Impact of definitions of loss to follow-up (LTFU) in antiretroviral therapy program evaluation: Variation in the definition can have an appreciable impact on estimated proportions of LTFU
Journal of Clinical Epidemiology
Centre for Infectious Disease Epidemiology and Research, School of Public Health and Family Medicine, University of Cape Town, Anzio Road, Observatory, Cape Town, 7925, South Africa; Division of International and Environmental Health, Institute of Social and Preventive Medicine, University of Bern, Finkenhubelweg 11, CH-3012, Bern, Switzerland
Objective: To examine the impact of different definitions of loss to follow-up (LTFU) on estimates of program outcomes in cohort studies of patients on antiretroviral therapy (ART). Study Design and Setting: We examined the impact of different definitions of LTFU using data from the International Epidemiological Databases to Evaluate AIDS - Southern Africa. The reference approach, Definition A, was compared with five alternative scenarios that differed in eligibility for analysis and the date assigned to the LTFU outcome. Kaplan-Meier estimates of LTFU were calculated up to 2 years after starting ART. Results: Estimated cumulative LTFU were 14% and 22% at 12 and 24 months, respectively, using the reference approach. Differences in the proportion LTFU were reported in the alternative scenarios with 12-month estimates of LTFU varying by up to 39% compared with Definition A. Differences were largest when the date assigned to the LTFU outcome was 6 months after the date of last contact and when the site-specific definition of LTFU was used. Conclusion: Variation in the definitions of LTFU within cohort analyses can have an appreciable impact on estimated proportions of LTFU over 2 years of follow-up. Use of a standardized definition of LTFU is needed to accurately measure program effectiveness and comparability between programs. © 2013 Elsevier Inc. All rights reserved.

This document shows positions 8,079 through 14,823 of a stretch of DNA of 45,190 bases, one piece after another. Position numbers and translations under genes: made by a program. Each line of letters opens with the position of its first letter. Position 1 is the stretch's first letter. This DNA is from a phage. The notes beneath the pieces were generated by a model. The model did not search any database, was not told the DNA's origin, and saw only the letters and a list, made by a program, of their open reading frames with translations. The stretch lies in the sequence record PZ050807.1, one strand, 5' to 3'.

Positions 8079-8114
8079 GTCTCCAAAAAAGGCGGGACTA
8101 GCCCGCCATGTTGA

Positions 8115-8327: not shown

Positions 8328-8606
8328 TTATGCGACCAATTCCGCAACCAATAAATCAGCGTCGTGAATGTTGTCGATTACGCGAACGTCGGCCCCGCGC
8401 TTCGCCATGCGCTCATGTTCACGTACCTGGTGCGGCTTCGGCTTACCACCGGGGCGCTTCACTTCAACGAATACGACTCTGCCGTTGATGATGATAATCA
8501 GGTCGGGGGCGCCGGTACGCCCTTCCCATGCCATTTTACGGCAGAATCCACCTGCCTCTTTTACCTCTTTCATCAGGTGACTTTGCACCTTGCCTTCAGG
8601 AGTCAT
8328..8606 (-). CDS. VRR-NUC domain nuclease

antiretrovirus agent; acquired immune deficiency syndrome; adult; antiretroviral therapy; antiviral therapy; article; cohort analysis; female; follow up; human; Kaplan Meier method; loss to follow up; major clinical study; male; priority journal; Antiretroviral therapy; Cohort; Loss to follow-up; Program outcomes; Retention; Survival analysis; Acquired Immunodeficiency Syndrome; Adolescent; Adult; Africa, Southern; Anti-Retroviral Agents; CD4 Lymphocyte Count; Cohort Studies; Databases, Factual; Female; Humans; Lost to Follow-Up; Male; Middle Aged; Program Evaluation; Terminology as Topic; Treatment Outcome; Young Adult
5U01AI069924-06, NIH, National Institutes of Health